As this behind-the-scenes picture of Claire shows, even Tudor undergarments are worth talking about. These bear a striking resemblance to Raf Simons’ stunning collection for Dior. We’d maybe lose that fetching yellow hair net, mind you.
By Adrian Lobb
Claire Foy plays Anne Boleyn in the BBC2 adaptation of Hilary Mantel’s Wolf Hall, alongside Mark Rylance, Damian Lewis and Mark Gatiss
Are you filming anything at the moment?
No, I’m not working. Just pottering around the house. We are attempting to sell our flat and there is crap everywhere. Oh, gosh, it is so boring. We have a baby imminently on the way as well. Perfect timing. We planned it all really well!
How much did you know of Anne Boleyn before you got the role?
I knew as much as everyone else knows, especially anyone who has been to primary school in England where you are taught the ‘divorced beheaded, died’ rhyme. She was always, obviously, the most interesting one. But we have all these ideas of what she is like, that she had six fingers, that she had loads of affairs, that she was a witch and a terrible, terrible wife. That is the impression I got as a seven year old. It is amazing that such crude propaganda lasts that long.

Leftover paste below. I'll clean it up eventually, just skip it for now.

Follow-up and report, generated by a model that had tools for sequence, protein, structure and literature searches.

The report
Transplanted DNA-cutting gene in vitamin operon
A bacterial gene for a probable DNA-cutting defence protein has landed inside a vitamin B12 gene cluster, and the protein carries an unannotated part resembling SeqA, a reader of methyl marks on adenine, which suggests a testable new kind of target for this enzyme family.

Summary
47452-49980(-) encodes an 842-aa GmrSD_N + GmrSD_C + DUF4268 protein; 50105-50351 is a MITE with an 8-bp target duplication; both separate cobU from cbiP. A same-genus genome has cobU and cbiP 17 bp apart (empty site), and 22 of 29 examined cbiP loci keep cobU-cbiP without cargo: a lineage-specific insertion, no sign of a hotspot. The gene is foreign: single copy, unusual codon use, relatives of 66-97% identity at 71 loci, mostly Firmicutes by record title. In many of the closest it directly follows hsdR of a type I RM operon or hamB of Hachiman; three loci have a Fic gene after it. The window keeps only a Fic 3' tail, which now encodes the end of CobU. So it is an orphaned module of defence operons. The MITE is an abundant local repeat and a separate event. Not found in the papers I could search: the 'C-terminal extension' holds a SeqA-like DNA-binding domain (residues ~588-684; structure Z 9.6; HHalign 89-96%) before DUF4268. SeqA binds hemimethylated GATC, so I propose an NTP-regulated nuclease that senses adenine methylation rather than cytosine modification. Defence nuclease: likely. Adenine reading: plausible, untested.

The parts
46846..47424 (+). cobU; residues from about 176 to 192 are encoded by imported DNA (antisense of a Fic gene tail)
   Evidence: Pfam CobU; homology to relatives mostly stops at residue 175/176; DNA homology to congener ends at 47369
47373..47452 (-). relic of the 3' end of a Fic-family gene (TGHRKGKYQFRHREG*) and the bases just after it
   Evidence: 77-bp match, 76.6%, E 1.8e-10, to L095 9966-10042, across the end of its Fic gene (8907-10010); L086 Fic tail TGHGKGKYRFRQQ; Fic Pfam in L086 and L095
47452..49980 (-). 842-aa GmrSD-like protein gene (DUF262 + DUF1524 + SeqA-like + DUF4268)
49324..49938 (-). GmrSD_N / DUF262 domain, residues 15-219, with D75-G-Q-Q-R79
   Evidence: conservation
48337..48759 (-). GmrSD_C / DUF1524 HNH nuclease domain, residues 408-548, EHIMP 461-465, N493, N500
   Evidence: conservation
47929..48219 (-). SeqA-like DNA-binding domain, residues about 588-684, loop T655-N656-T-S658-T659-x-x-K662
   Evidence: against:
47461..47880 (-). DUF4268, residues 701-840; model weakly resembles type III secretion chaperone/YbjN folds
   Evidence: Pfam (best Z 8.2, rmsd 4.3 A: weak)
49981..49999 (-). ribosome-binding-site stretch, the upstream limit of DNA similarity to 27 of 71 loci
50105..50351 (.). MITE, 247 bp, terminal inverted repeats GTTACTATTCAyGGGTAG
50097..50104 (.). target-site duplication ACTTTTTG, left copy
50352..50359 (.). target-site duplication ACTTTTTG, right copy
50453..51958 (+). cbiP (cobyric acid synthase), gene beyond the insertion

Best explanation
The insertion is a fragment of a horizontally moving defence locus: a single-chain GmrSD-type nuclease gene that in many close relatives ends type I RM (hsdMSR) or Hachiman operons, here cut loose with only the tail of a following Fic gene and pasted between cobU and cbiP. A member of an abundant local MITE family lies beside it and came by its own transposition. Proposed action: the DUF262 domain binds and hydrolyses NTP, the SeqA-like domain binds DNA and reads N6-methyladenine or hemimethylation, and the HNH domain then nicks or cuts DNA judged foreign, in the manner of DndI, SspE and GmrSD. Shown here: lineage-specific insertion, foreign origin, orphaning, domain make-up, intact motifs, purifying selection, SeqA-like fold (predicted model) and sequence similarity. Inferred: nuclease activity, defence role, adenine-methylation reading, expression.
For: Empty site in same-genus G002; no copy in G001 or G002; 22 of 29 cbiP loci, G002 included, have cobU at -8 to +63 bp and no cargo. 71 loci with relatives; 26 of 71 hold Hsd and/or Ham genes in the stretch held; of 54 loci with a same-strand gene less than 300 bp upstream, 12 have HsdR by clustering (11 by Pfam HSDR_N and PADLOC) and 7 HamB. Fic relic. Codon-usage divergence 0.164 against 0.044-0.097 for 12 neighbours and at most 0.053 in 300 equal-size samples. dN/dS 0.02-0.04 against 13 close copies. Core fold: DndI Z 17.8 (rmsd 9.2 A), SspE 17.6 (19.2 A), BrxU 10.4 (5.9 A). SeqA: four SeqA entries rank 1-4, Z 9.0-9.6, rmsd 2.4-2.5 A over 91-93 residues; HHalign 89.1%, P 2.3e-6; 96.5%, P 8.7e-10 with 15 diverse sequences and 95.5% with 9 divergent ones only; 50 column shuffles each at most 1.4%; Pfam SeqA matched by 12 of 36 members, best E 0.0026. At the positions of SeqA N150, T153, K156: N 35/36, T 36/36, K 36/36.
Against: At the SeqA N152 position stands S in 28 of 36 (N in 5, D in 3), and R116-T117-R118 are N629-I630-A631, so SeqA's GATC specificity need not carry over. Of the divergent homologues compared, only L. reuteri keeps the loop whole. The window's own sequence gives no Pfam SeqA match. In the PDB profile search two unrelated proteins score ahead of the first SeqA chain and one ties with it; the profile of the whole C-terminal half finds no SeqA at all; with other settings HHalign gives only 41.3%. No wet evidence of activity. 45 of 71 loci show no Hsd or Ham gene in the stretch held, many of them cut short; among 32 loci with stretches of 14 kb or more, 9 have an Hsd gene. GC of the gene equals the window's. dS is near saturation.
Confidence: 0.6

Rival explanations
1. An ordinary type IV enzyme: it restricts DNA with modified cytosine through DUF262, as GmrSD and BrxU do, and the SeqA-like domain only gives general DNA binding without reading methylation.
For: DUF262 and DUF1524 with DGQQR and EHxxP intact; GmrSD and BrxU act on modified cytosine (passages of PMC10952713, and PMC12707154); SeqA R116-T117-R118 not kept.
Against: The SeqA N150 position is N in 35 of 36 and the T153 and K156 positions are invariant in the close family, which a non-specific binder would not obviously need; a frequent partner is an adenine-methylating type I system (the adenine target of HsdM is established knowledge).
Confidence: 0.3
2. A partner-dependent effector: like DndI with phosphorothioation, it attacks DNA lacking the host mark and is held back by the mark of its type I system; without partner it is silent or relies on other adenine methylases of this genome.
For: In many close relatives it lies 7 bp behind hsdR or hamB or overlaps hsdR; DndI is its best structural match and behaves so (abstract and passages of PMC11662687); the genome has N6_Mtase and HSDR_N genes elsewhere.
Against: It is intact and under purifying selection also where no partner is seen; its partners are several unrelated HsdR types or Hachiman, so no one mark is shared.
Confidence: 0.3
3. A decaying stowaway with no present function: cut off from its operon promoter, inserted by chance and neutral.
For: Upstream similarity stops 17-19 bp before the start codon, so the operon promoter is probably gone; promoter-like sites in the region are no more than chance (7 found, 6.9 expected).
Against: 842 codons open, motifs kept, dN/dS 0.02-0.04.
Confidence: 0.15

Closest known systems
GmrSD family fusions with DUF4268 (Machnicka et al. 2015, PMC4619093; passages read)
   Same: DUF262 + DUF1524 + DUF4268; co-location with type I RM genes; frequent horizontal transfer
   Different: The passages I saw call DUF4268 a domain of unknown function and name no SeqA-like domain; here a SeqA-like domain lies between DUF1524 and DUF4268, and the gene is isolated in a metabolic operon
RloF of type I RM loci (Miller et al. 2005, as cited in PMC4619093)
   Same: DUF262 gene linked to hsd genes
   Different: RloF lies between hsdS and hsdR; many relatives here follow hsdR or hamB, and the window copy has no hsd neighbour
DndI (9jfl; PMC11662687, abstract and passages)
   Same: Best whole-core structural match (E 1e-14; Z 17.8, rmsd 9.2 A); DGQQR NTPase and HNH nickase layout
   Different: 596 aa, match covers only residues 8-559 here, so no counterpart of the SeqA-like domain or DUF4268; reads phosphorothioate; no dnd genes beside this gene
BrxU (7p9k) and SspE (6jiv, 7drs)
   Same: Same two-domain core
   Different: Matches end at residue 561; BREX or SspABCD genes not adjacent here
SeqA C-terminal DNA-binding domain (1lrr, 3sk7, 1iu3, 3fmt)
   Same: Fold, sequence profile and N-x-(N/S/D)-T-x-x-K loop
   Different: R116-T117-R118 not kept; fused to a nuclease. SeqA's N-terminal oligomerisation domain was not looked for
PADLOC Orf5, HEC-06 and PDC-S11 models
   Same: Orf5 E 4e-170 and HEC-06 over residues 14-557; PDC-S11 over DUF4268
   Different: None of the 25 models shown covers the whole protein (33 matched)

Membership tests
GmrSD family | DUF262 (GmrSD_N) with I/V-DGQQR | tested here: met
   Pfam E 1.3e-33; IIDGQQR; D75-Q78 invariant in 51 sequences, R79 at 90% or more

History is famously written by the winners, and I guess Anne didn’t win…
They destroyed so much of her legacy. They got rid of everything. I knew vaguely about her, from watching the Henry VIII with Ray Winstone and Helena Bonham Carter, who is the most amazing Anne Boleyn. And that was everything you imagine – she was sexy, crazy, dangerous. But then I read Wolf Hall and was surprised. She wasn’t at all how she was written by history. She was mean, not very attractive – I thought she was meant to be this massive sexpot! Cromwell finds her attractive in his own way, but he sees her more as a political player than a woman. She was not a woman by his standards, she has very dark hair, she is quite a dark person – not blonde and buxom and shiny like her sister. That is why I loved the books so much, it was so exciting to meet these new people, it was like reading someone’s diary, you were discovering them.